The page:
Once upon a time in 1962, the Beatles signed a recording contract with EMI Music in which all four members would split every penny they earned for each record sold.
If the Fab Four had starting out today and were students in CSUN’s Music Industry Studies (MIS), they may not have made the same mistake.
“Students in recent years are coming to realize that making a living in music is becoming more and more difficult,” said professor Joel Leach, who heads the MIS program. He began the major in 1994 to help music students learn the business side of the industry. It was the first of its kind in California.
“A person can have good ears and can also make really good decisions for a record label,” Leach said.
The major trains students for future professions in producing, managing and other music industry careers, along with teaching musicians the legal aspects, such as earning percentages specified in contracts.
Jeff Kolhede, a junior MIS major, transferred from Saint Mary’s College in the San Francisco Bay area after one of his professors recommended CSUN.
“I heard about the program through my saxophone professor,” said Kolhede, who also plays the flute and clarinet and plans to work in production side of the business after he graduates. He considered USC, but ultimately chose CSUN instead because of the positive feedback he heard about the program, he said.
MIS requires that students audition, interview and write an essay to be accepted into the program.
“It was a lot like applying for a job,” said Brett Grossman, a senior MIS major. Formerly a jazz major, he changed to MIS in his sophomore year because he “saw a lot of strength in the program.”
It’s also mandatory that students can play a musical instrument and read music.
“I’m all for it,” said Grossman, a bassist, regarding the requirement. “An understanding of the instruments and how they’re supposed to sound” is ultimately beneficial for anyone who wants to be effective in the music industry, he said.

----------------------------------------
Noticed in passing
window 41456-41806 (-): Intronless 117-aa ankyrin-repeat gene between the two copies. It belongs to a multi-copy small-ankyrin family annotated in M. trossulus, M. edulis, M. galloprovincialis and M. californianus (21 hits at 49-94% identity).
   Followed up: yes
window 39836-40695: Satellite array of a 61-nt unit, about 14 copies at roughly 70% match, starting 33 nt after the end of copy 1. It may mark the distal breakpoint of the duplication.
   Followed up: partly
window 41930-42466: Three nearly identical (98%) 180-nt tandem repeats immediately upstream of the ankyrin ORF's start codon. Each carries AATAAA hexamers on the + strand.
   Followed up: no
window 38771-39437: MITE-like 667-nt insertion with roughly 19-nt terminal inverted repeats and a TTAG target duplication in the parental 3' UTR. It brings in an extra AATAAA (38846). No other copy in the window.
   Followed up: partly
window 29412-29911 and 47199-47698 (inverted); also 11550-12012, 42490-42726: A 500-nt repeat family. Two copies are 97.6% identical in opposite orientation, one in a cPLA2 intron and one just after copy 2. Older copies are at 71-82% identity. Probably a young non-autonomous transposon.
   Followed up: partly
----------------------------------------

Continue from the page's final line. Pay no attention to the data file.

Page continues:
Leach said there are currently 121 students enrolled in the major, with the number of students capped at 125. About 40 to 50 percent of students who apply are turned down, he said, with “some returning to audition until they get in the third time.”
Professionals in the music business speak to students in classes and “guide them, mentor them and take them out to see the industry,” Leach said. Students also are allowed an opportunity to visit the music studios of “The Simpsons” cartoon show to experience industry surroundings.
Students also manage their own record label, the MIS Music Group.
“I just sit back and let them run it,” Leach said.
The label includes all the positions that any other professional label has such as co-producers, Artist ‘ Repertoire (A’R), production, managers and publicity. The coproducers, who are chosen by their classmates, assign fellow students with responsibilities in the various departments.
Everything from choosing the music artists to the design of the album artwork is handled by the MIS students, Leach said. Throughout the semester, the class assembles a media kit to promote the artist. At the semester’s end, the kit is sent out to other record labels.
MIS students are required to complete music history, technical, business and management courses, along with six units worth of internships.
Students get “real world, hands-on” experience, Grossman said. Some of his fellow students have earned internships at Warner Records, Capitol Records and Hopeless Records. Many of these are not your photocopying errand-running internships, Grossman said.
“They didn’t just get coffee, they did the job,” said Grossman, noting one of his friends who interned for “The Tonight Show with Jay Leno,” who took on the full responsibilities of a copywriter.
Leach said students also benefit from the campus’ location in Los Angeles. Though Cal State Chico offers the MIS major and the Berklee College of Music in Boston has its own reputable program, “they do not have the location.”
“New York is okay” for music and networking within the business, Leach said, but it is not as user-friendly in terms of transportation as L.A.
Compared to other music-focused schools such as the Musician’s Institute in Hollywood, CSUN’s program is more well-rounded, Grossman said. Musician’s Institute “seems like its very focused on certain aspects” such as recording or producing. Students are not required to take general education classes, Grossman said. He feels CSUN is “more balanced.”
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